Last week we were invited to a preview screening of the Bill Nighy film The Limehouse Golem. Living very close to Limehouse I was really interested to see how the film portrays the area and what it was like all those years ago.
Before the screening we had a walk around Limehouse itself. Of course, much has changed from the 19th century London when the film is set.
What was once a busy dock with sail making, ship builders and rope makers, the area is now home to the rich and their yachts, and Gordon Ramsay restaurants.
Even so, walking the streets of Limehouse, there is enough remaining to transport you back and imagine the way the area once was.
Limehouse Basin opened in 1820 as the Regent’s Canal Dock. This was an important connection between the Thames and the canal system, where cargo could be transferred from larger ships to the canal boats to transport goods around the country.
The film itself wasn’t actually filmed in the Limehouse area but rather a purpose built set. Huge credit must be given to the film’s producers on this front. Watching the film, I was instantly transported back to the streets I’d walked hours earlier with no idea it wasn’t the real thing.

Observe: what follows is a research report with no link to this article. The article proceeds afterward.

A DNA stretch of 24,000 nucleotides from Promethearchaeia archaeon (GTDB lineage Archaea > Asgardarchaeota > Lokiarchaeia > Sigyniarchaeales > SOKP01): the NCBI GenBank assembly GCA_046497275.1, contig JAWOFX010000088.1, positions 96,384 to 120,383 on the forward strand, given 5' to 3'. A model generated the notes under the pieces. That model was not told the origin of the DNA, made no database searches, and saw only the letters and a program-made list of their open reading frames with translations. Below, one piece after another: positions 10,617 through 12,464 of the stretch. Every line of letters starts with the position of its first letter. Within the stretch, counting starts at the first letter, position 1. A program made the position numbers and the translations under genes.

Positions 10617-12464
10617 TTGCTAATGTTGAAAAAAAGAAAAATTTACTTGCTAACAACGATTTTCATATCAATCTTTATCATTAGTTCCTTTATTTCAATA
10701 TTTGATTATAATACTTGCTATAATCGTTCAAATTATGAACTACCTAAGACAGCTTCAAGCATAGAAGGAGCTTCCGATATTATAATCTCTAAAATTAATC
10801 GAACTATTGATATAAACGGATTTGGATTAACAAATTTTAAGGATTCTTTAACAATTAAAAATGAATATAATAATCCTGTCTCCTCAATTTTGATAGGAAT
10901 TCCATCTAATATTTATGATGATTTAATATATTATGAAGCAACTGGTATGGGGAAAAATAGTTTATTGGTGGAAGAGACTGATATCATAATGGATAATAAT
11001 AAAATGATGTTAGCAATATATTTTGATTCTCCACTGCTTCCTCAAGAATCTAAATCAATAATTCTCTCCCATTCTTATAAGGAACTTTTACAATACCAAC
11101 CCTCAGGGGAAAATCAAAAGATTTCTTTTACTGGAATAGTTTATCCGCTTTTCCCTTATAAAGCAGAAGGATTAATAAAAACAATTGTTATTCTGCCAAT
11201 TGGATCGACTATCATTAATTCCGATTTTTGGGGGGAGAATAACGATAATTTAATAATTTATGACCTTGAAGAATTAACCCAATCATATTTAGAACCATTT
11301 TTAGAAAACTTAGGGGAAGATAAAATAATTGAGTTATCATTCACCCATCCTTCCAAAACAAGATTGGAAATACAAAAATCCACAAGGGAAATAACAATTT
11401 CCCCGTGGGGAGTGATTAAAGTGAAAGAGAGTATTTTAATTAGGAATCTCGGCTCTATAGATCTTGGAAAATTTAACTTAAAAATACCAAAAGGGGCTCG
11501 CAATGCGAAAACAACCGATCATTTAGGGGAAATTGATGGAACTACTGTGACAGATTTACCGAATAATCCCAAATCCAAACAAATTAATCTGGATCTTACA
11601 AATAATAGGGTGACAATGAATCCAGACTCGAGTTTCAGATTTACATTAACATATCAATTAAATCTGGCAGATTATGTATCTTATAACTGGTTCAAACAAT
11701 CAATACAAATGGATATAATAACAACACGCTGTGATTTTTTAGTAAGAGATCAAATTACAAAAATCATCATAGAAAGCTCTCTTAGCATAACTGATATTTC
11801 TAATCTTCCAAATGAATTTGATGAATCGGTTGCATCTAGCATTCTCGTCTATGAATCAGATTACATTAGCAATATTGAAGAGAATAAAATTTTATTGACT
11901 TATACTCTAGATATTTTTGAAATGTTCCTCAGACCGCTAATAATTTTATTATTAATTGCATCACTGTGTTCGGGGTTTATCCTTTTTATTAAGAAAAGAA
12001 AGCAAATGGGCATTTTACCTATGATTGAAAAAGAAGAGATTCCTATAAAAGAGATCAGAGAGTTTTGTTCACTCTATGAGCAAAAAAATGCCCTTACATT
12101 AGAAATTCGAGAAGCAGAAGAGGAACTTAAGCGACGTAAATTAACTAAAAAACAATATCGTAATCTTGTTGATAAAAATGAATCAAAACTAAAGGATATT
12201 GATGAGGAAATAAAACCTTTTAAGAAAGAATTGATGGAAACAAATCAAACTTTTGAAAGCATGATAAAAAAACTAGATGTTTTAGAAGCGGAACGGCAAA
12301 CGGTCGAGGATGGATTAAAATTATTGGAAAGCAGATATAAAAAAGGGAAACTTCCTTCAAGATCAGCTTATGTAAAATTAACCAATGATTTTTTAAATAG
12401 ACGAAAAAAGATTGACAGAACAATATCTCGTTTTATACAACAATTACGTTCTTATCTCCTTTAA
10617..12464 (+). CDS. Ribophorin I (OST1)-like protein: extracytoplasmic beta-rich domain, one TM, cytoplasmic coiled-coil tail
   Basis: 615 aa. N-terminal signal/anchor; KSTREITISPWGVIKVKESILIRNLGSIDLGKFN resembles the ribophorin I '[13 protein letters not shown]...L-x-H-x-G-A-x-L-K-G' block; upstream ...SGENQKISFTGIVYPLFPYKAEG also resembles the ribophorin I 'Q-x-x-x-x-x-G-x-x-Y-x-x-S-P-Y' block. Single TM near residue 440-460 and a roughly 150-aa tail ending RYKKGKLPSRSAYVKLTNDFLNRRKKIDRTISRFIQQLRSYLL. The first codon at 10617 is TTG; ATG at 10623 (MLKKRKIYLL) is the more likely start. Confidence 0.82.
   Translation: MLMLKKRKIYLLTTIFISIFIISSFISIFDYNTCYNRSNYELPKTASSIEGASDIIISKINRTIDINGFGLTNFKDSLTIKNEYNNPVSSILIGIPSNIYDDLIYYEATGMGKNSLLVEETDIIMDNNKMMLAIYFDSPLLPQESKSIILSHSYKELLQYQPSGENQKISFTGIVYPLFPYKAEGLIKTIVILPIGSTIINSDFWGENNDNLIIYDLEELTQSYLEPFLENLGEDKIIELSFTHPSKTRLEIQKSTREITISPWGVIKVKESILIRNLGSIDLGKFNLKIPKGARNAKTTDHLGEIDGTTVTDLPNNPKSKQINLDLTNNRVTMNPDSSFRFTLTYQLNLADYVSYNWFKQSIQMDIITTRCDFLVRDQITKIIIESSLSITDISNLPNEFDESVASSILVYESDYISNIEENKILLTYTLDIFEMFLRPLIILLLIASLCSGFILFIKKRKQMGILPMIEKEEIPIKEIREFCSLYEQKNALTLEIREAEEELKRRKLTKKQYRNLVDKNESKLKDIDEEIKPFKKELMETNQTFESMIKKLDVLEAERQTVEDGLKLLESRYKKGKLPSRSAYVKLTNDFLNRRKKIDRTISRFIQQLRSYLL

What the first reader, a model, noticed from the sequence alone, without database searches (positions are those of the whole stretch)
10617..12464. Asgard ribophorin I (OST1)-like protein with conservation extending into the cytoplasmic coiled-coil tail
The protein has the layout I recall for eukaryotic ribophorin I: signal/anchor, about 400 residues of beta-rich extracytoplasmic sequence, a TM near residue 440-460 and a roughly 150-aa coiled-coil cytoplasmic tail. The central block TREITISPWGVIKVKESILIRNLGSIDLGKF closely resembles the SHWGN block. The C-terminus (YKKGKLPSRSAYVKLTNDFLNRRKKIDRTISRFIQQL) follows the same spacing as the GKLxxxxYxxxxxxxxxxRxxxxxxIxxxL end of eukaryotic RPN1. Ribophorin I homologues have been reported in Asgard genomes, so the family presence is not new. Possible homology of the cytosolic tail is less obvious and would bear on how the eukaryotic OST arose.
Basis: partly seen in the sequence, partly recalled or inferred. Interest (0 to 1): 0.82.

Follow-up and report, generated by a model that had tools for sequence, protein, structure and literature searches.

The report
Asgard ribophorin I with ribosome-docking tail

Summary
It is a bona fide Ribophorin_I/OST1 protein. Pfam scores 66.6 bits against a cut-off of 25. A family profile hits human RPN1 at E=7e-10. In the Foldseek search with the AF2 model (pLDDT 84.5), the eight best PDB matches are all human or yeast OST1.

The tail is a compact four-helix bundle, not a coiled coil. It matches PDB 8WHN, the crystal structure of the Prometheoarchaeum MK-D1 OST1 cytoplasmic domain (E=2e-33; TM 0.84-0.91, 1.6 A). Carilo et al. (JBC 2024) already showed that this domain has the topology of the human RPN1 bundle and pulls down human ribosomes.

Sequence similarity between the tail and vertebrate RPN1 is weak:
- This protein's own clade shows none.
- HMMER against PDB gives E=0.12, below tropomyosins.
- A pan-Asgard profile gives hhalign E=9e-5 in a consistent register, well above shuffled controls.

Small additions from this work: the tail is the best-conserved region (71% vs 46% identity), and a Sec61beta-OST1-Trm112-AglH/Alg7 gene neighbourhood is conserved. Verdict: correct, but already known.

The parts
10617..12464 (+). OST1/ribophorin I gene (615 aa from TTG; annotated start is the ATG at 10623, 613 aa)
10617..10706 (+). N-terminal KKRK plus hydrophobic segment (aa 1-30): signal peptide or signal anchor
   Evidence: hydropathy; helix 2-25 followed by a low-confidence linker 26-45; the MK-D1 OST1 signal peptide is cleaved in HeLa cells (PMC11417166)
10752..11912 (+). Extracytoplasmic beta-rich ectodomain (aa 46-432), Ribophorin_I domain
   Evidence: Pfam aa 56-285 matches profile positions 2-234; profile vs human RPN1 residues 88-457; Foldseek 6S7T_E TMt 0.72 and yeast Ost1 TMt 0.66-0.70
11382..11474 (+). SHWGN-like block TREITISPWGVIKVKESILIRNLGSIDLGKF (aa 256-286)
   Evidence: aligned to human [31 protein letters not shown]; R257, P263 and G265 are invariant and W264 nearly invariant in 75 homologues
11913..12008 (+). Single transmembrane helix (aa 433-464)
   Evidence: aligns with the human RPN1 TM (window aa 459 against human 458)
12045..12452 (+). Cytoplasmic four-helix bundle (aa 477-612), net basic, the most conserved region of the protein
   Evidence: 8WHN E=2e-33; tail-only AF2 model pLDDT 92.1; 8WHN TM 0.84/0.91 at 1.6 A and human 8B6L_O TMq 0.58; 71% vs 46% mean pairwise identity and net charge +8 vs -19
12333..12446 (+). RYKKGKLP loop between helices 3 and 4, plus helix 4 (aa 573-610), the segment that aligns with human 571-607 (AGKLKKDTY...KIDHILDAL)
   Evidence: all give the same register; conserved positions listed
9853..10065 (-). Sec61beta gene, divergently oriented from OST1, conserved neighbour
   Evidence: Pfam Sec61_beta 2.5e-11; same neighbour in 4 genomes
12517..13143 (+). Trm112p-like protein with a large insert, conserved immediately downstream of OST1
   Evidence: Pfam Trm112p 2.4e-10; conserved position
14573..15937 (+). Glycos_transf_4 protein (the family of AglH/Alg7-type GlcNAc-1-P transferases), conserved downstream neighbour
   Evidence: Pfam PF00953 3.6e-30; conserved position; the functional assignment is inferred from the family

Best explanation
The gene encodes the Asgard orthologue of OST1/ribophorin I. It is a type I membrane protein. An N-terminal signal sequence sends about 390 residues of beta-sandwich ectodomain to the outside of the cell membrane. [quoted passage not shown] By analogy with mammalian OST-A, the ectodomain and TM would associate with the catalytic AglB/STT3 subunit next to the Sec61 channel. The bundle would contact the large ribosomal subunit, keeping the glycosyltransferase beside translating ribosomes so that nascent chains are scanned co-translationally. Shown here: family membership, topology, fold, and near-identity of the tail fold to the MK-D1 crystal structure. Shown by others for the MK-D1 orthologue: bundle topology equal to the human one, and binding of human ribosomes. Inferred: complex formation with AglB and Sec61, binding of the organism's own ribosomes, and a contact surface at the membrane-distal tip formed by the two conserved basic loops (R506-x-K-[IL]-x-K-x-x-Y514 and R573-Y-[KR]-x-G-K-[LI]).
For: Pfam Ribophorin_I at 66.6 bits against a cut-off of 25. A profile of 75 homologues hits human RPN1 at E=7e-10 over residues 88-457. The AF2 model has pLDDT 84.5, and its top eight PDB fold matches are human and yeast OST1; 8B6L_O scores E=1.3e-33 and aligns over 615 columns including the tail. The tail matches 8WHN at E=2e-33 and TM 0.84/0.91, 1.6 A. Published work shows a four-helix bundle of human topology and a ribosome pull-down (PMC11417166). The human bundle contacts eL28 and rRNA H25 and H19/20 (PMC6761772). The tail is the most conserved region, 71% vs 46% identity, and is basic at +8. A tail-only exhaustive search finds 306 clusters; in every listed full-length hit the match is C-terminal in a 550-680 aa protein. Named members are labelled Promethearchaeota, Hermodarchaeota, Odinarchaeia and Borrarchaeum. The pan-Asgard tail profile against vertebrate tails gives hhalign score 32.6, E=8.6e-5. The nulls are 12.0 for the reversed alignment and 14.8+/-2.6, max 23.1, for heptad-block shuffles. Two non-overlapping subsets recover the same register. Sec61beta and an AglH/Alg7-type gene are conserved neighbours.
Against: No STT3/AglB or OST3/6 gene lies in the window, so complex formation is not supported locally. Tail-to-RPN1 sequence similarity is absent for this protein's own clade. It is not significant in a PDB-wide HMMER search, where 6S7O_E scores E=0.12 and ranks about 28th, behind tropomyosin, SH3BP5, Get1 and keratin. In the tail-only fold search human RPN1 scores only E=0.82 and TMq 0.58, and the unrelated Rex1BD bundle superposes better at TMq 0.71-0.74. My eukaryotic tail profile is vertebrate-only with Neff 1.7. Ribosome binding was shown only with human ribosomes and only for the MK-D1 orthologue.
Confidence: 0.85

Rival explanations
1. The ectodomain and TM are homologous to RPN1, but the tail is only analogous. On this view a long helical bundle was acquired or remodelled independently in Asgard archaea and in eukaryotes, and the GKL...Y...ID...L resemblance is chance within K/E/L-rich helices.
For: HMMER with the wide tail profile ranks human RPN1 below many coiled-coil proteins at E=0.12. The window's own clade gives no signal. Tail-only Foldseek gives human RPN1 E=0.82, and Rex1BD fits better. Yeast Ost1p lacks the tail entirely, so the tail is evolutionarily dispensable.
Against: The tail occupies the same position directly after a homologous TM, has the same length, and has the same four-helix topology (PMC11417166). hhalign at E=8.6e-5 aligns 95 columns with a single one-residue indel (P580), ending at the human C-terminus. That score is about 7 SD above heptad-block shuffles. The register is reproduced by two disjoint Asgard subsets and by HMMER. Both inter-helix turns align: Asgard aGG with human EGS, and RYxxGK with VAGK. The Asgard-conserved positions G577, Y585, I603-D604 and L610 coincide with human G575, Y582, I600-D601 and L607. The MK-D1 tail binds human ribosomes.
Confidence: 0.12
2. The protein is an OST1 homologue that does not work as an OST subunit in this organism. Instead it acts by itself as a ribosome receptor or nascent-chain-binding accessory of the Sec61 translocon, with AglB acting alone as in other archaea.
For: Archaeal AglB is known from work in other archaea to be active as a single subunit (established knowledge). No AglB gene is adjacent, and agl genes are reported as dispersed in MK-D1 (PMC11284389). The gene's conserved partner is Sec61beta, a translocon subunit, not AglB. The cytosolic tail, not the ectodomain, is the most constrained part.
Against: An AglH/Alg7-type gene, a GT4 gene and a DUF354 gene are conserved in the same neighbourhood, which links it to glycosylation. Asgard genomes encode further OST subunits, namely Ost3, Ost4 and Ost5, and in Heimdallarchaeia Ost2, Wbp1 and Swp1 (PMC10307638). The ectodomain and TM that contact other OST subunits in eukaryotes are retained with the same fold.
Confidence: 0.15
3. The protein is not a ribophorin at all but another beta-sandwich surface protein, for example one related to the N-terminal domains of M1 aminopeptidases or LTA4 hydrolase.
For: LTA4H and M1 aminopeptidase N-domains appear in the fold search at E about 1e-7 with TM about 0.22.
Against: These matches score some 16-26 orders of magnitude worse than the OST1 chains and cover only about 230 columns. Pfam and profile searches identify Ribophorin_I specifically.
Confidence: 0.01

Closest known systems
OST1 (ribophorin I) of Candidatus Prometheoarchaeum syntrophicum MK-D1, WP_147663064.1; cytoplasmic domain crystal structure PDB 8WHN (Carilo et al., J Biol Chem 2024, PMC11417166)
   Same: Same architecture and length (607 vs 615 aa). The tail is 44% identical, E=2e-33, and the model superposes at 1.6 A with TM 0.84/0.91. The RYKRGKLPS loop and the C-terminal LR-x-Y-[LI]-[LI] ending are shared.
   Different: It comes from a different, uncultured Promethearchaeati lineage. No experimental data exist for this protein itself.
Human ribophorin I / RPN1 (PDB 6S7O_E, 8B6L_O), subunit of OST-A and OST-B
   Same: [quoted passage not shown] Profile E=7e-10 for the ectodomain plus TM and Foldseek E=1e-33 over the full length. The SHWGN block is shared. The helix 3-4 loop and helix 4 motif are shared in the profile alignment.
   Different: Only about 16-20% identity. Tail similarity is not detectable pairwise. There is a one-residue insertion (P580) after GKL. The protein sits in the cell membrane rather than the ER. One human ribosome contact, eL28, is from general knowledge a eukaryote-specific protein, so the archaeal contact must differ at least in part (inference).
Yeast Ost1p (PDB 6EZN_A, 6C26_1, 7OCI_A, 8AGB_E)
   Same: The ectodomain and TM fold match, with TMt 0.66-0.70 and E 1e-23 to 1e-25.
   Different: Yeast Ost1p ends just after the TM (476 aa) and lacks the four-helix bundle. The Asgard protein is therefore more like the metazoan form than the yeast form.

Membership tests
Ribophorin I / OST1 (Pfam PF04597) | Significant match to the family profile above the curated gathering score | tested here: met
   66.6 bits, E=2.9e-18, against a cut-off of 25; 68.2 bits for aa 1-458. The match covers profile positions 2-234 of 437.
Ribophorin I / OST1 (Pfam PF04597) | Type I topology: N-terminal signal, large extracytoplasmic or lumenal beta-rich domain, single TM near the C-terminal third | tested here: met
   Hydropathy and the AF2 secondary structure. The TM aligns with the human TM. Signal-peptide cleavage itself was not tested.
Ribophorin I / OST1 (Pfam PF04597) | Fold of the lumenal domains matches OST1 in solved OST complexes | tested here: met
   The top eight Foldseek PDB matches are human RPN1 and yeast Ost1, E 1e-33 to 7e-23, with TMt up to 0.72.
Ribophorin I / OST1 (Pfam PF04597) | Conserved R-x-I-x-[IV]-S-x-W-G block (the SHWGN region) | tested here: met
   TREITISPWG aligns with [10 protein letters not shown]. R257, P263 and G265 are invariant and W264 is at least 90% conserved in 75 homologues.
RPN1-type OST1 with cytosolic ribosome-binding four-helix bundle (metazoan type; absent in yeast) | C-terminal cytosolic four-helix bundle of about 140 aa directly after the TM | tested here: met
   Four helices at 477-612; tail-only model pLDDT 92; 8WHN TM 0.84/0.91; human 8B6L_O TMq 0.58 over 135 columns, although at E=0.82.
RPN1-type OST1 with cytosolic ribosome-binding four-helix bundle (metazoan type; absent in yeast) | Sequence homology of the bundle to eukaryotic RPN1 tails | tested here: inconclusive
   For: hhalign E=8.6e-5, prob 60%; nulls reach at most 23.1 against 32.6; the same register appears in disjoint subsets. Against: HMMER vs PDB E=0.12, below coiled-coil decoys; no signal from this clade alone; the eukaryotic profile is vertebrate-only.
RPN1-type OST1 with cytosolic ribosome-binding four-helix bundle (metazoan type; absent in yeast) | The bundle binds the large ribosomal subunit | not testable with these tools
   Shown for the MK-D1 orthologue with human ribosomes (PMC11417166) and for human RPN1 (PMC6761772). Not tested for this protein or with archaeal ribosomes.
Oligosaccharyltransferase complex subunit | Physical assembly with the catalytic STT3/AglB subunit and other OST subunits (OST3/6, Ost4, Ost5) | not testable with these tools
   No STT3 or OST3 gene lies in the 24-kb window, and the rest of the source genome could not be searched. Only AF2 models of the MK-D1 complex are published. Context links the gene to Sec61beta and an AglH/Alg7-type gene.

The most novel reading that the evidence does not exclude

The film tells the tale of Nighy’s Inspector Kildare and his quest to not only bring the Limehouse Golem killer to justice but also turns into a fight against the clock to prove the innocence of what he strongly believes is an innocent Elizabeth Cree who is about to be unjustly hanged for the murders.
Kildare has been somewhat setup to fail here, put on what is perceived to be a unsolvable case by his superiors as he has been tainted as “not the marrying kind” they see this a way of embarrassing the Inspector.
Nighy is on great form in this and somewhat against type of the sort of character you maybe usually associate him. The real star for me in the Limehouse Golem however was the wonderful Douglas Booth who does a fantastic turn as the drag performer Dan Leno. In fact one tradition that Limehouse hasn’t lost are those drag acts with pubs like The Old Ship on Barnes Street stillholding performances at weekends – not that you would know it when you are in there for a pint on a cold December afternoon!
Much of the film is told in the form of flashbacks which I’m not usually a fan of but in this context works surprisingly well, especially as Kildare ponders possible killers and we are made to wonder who the killer is as we see how they would have committed the crime via Kildare imagination.